Biomedical research studies based on animal models have been far more numerous than human clinical trials. Much of the research shows promising results for the potential use of cannabinoids in the treatment of a host of human medical conditions, including diabetes, psychiatric, neurodegenerative, and gastrointestinal disorders. In regards to pain, research conducted thus far, along with countless user reports, suggests that CBD alone may be able to help relieve both inflammatory and neuropathic pain in humans. As just one of many examples, a paper in the European Journal of Pain revealed that rats with arthritis who are treated with transdermal CBD experienced reductions in pain-related behaviors and inflammation 6 . These animal-based studies are helping to further our knowledge of cannabis’ potential medical benefits. More importantly, they are opening the door for more human-based research and clinical trials to be conducted down the line.
Note from the editor: A few years ago I had an acute back injury that I wrote about on this site. After surgery and during recovery (and a lot of physical therapy), I was determined to avoid the standard opioid medications that are often doled out for severe pain—and the side effects that come with them. I was immediately recommended CBD oil by a friend, which I was admittedly very skeptical about. But after having immediate results during periods of immense pain, I was interested in whether there was actually something to this “miracle drug.” During the first few weeks after the injury, I would use CBD several times per day, often when the pain became overwhelming or would keep me awake at night. To be honest, I was surprised when it worked. Virginia was even more of a naysayer than me, and with her career background in medical research, she began a deep dive into materials and studies that substantiate or disprove claims about CBD products. In the end, she put together this thorough article on the subject. It’s unlike most of the content we publish here, but I thought it was absolutely worth sharing. -Logan Watts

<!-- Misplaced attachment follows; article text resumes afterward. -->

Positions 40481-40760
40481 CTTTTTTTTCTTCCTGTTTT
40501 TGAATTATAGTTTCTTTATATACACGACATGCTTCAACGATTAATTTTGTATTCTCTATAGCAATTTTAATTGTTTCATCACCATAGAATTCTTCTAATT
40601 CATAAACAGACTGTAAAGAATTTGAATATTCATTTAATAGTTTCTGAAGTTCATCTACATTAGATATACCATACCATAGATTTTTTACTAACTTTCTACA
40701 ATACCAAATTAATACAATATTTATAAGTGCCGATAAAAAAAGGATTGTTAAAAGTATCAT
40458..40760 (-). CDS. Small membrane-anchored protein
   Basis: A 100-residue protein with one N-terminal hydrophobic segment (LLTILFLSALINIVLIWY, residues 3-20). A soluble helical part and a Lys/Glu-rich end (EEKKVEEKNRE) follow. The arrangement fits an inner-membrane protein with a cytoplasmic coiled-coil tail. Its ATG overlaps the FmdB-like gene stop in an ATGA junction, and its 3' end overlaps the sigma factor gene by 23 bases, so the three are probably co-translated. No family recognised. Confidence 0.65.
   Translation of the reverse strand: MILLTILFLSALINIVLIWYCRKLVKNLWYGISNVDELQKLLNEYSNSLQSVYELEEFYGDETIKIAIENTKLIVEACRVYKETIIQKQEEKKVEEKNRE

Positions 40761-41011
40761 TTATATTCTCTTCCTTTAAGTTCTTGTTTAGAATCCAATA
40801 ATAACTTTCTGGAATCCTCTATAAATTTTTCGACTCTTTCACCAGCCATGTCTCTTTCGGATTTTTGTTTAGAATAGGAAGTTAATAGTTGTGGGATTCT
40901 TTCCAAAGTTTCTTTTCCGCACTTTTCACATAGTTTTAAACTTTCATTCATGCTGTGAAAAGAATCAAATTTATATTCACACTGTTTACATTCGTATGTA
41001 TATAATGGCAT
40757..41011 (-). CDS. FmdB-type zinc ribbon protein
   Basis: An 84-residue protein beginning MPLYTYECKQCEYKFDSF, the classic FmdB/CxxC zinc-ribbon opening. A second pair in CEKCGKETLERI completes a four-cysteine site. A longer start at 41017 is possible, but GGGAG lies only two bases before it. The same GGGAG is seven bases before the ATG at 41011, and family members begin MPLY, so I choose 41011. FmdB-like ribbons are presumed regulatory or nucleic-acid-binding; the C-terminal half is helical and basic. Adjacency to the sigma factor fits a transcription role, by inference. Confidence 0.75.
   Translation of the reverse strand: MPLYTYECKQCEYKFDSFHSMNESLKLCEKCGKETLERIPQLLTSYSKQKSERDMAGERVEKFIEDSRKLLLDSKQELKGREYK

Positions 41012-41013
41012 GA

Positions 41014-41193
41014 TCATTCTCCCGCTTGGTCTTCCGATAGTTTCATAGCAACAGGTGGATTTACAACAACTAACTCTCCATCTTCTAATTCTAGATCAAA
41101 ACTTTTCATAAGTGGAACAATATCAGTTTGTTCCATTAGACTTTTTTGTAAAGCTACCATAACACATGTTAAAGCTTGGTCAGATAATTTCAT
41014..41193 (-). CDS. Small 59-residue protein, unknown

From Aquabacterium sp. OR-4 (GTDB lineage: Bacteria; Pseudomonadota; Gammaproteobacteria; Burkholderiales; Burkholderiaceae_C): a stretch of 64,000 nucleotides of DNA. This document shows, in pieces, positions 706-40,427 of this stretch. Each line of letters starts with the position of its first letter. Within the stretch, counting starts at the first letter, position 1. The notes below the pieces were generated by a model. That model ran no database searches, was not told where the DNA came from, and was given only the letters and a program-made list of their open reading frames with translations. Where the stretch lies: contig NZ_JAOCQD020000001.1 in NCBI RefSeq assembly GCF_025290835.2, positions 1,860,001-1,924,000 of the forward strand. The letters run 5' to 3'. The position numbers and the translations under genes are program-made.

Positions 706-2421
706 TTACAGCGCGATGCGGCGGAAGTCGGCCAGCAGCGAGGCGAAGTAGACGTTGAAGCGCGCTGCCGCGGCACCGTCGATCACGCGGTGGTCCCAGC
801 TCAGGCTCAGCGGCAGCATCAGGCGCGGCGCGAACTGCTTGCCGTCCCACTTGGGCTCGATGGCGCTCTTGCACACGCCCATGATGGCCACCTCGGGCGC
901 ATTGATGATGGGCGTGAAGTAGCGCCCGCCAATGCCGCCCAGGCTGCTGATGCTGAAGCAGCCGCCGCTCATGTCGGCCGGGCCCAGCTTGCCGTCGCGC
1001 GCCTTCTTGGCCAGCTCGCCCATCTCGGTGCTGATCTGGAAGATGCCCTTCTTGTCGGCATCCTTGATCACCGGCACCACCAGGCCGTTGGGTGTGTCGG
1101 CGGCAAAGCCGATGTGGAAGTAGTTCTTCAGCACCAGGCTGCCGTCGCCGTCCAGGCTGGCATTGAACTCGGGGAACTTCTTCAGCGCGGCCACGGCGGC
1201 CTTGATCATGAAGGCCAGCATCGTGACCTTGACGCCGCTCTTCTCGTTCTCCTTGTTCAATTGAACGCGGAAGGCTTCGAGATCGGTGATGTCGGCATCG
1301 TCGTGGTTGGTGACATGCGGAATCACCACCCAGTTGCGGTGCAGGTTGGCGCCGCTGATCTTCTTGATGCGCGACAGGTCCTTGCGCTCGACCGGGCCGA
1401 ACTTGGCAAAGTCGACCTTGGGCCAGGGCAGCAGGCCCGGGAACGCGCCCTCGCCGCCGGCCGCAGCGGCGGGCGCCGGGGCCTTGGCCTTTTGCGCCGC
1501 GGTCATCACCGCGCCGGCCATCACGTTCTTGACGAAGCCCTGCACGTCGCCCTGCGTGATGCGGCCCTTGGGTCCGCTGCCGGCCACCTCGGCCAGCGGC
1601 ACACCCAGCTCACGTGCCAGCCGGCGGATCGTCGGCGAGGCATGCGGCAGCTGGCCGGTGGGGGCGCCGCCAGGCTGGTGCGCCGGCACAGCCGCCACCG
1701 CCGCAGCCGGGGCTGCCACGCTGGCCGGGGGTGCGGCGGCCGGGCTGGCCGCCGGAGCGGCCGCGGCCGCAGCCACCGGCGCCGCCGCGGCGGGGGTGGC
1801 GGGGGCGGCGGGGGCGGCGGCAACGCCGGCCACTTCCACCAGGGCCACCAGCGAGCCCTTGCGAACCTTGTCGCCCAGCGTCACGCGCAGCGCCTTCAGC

Some science also suggests that finding the therapeutic range of a full-spectrum CBD product (one with a range of cannabinoids in addition to CBD as well as terpenes) may be easier when compared to a CBD-isolate. 17
Dangers specifically associated with vaping have been making big news of late. In light of the recent surge in morbidity and mortality related to vaping, The Centers for Disease Control and Prevention (CDC) is recommending that people should not use THC-containing e-cigarette or vaping products, particularly those from informal sources like “friends, or family, or in-person or online dealers.” They have also added that “the only way to assure that you are not at risk while the investigation continues is to consider refraining from use of all e-cigarette, or vaping products.” 13
While the FDA considers CBD a drug, they have, thus far, treated it more like a supplement in terms of regulation. The FDA has yet to force any testing standards on manufacturers of CBD products. They are aware that these CBD products have not undergone rigorous clinical trials, yet products remain available to consumers. What the FDA has done, however, is crack down on manufacturers for making unsubstantiated claims about their products. The FDA went a step further in its admonition to CBD product manufacturer Curaleaf, Inc., stating in its warning letter dated 22 July, 2019, that a number of their products are unapproved and misbranded “new drugs” and that “there are many unanswered questions about the science, safety, effectiveness, and quality of unapproved products containing CBD.” 12 Curaleaf, Inc. was ordered to correct stated violations or face legal action without further notice.